The right to the city: Liberate CentrePointe
North of Center editorial
Note: CentrePointe is Lexington's most visible example of the fallout from the out-of-control real estate economy that flourished in cities the world over. Over a period of years, Developer Dudley Webb purchased an entire city block of dis-invested crumbling buildings at the center of downtown Lexington. The block was home to the only drugstore in downtown Lexington, a hat shop, at the time Lexington's only music venue, and some other dive bars and restaurants. A portion of the block consisted of buildings dating to the early 19th century and were part of the city's original commercial street.
In late 2008 after acquiring deed to all the buildings, Webb proclaimed the block beyond repair and suddenly razed it to nothing, despite vociferous public opposition. Webb argued that he needed to begin immediately the construction of a 35 story hotel/condo so that it would be ready to house tourists arriving for the World Equestrian Games, Lexington's version of the Olympics, which will be held here this September.
As expected, the shady financial funding fell through: a Middle-Eastern sheik funding the thing apparently died before Webb bulldozed the block, and the city later denied Webb public funds to help defray construction costs. And so Lexington is now left with a giant unused and fenced off space in the middle of downtown. This piece was written to call Lexingtonians to action and reclaim their city block.
The Right to the city:Liberate CentrePointe
Lexington is now entering its second summer growing season without breaking ground on the CentrePointe block. With the exception of some stealthy picnics, an Irish festival and a couple minutes—total—of stolen sports action on the lush grass, an entire downtown city block has been rendered off limits to an entire city for nearly one-and-a-half years, an urban dead zone with suburban lawn aesthetics.
For this pathetic state of affairs we should blame ourselves. We spent a good amount of time last summer imagining the CentrePointe of our dreams, but not so much time, as Herald Leader journalist Tom Eblen might say, doing something about it. When CentrePointe went out to pasture, so did we.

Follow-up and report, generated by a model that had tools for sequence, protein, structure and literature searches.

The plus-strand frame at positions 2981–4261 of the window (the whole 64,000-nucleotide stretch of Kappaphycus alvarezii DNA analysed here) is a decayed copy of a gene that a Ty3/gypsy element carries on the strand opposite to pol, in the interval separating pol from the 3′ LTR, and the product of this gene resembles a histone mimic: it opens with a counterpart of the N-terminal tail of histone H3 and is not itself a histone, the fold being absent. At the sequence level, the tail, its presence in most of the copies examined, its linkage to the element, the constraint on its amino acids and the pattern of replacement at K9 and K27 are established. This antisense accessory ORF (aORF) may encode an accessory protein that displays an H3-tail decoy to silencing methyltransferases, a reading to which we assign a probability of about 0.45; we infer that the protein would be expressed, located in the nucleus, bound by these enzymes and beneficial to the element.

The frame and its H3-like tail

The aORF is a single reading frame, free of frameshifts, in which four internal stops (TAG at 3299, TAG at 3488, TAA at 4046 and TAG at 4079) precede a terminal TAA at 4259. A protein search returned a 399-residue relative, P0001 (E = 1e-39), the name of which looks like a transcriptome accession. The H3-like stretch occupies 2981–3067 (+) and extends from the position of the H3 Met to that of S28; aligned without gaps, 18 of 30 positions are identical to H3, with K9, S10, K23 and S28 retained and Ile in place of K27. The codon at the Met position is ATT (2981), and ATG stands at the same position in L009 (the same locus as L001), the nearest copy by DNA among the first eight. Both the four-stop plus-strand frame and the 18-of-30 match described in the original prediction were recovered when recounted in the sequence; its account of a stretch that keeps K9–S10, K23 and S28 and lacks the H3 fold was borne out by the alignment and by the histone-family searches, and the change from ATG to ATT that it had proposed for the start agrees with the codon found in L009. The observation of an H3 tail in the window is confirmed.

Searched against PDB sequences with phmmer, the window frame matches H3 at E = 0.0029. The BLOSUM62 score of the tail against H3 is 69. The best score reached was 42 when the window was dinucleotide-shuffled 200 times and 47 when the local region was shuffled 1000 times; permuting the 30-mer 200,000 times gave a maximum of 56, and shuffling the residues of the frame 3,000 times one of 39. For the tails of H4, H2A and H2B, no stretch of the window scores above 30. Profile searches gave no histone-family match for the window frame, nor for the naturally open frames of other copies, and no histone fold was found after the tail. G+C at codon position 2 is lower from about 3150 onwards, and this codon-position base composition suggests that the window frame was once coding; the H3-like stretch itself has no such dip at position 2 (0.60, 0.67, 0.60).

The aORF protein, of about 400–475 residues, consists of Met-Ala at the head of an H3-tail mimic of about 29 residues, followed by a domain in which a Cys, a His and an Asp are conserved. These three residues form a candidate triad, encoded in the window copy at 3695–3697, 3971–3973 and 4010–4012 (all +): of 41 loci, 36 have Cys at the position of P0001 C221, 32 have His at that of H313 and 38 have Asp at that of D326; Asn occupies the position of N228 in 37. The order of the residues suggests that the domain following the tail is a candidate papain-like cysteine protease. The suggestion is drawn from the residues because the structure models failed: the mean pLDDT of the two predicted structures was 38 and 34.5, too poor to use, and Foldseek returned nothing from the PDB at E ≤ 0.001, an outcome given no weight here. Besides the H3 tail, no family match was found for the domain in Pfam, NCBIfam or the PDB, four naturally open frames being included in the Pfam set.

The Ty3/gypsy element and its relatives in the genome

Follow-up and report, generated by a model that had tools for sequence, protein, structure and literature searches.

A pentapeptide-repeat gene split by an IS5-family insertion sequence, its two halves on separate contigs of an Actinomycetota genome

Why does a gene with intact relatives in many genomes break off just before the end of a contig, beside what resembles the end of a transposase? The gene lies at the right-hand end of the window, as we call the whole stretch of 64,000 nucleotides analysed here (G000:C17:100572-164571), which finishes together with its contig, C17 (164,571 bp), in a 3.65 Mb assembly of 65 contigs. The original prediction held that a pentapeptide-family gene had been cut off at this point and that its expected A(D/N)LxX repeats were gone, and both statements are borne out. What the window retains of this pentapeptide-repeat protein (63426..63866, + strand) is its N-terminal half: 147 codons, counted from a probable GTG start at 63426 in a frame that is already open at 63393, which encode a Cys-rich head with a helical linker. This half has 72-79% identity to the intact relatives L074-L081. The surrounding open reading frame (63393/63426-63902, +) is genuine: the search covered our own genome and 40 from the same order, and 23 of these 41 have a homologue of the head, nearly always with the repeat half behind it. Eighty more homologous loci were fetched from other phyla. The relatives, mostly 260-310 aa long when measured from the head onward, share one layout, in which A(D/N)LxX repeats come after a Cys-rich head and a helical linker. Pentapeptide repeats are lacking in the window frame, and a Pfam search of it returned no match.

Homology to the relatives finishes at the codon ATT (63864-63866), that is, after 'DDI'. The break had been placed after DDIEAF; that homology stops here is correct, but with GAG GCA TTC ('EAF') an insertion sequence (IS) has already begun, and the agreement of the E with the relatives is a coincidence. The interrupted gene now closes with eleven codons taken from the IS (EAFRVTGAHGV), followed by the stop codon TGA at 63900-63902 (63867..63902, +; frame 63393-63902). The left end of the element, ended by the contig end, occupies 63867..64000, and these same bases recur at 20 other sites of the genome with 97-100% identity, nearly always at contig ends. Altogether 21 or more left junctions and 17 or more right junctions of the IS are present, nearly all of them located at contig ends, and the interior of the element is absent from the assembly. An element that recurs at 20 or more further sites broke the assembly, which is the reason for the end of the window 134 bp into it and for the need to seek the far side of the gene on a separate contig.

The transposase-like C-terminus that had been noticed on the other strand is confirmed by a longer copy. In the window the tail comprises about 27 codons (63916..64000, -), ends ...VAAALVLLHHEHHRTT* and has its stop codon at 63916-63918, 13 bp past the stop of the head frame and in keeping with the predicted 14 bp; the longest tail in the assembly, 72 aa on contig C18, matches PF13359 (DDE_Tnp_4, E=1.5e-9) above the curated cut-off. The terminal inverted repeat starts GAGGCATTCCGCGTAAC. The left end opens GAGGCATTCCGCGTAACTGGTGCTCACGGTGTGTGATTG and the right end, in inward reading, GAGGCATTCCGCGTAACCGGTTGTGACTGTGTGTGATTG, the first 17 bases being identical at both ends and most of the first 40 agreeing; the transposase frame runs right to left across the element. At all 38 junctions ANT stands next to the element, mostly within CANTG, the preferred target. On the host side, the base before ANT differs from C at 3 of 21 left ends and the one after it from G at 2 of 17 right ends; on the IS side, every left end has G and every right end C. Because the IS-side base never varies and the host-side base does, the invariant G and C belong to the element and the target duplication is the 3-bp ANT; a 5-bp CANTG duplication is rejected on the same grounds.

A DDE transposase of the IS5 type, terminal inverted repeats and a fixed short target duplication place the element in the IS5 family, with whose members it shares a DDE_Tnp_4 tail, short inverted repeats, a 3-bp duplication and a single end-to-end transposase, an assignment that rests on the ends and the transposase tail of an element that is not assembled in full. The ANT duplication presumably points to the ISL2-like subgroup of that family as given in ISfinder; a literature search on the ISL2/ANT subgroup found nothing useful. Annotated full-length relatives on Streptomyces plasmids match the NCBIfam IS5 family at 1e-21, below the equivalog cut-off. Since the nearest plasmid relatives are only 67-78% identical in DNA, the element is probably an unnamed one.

With that in mind, we call on Lexington residents to demand and claim their right to the block.
Follow the lead of those everyday artists who make the city come alive through their papered announcements stuck on wooden electric poles and abandoned magazine racks. Draw up your own plans for the CentrePointe block and staple, paste and etch them into the planks of the CentrePointe fences that keep you out. Paper the block alive once again with your poetry and prose, your cartoons and artist renderings. Record and inscribe the block’s past and its future, what it once was and what it can be.
One idea is easily discarded, torn down, forgotten. Twenty can carefully be swept under the grass clippings. But two-hundred, two-thousand ideas covering the CP fences? That is something else, something else altogether.
But we mustn’t stop with symbolic action. We must demand that the space be used productively. This year. And we should demand this in public and as loud and as often as possible.
Dudley Webb has already stated that he will not disturb the CentrePointe site until after the World Equestrian Games. The area is essentially rendered inert for the summer and part of fall. This is an unacceptable use of that central space. The best productive use of CentrePointe is not as an unusable and excessively large front lawn—its current situation. We demand more.
The rights of private property are not inviolable. They must be questioned, tested and at times even trampled upon. We–everyone but the small group of people who own the land–can no longer remain inactive on the false premise that unused Webb property is sacred.
We demand a public garden whose main purpose will be to help feed the poor, hungry and homeless–people whom many Lexingtonians finally discovered last week during the Creative Cities Summit when Bill Strickland spoke about his experiences in poor Pittsburgh. Such an idea for the block is surely something that city residents can support—at least those who have been talking in public and in print, on the campaign trail and in conference meetings, of the need to merge “creative” acts with issues of social justice. Having our community leaders support and lay the groundwork for such a venture—to demand and not just to ask for it to happen—could be quite a thing to see.
The public input of our civic, creative, agricultural and community leaders will be important as the rest of us—either with or without the support of those leaders (though hopefully with it)–begin to till the earth and plant our seeds. Our job is to do the most creative (and simple) of acts: doing. The immediate future of CentrePointe need not be decided by them. It can be decided by you.
Who will be the first to paper the fencing? Who will take the first soil sample? What farm groups will offer their time to utilize a 1-season garden in a place that is ground zero for public visibility? What politicians will offer political support? Who will transgress that most sacred of laws, private property, and demand that the city be run according to its inhabitants’ needs—and not the failed desires of its owners? What cultural centers will publicly endorse trespassing to do something they themselves know is right? What support networks–legal, social, economic–will we demand and work towards in this city, in this summer of growing?
North of Center is a free bi-weekly paper located in coal-loving Lexington, KY. We cover sports, politics, music, film, and any other things that flow through the inner-Bluegrass region. If you're interested, we've now got a website: North of Center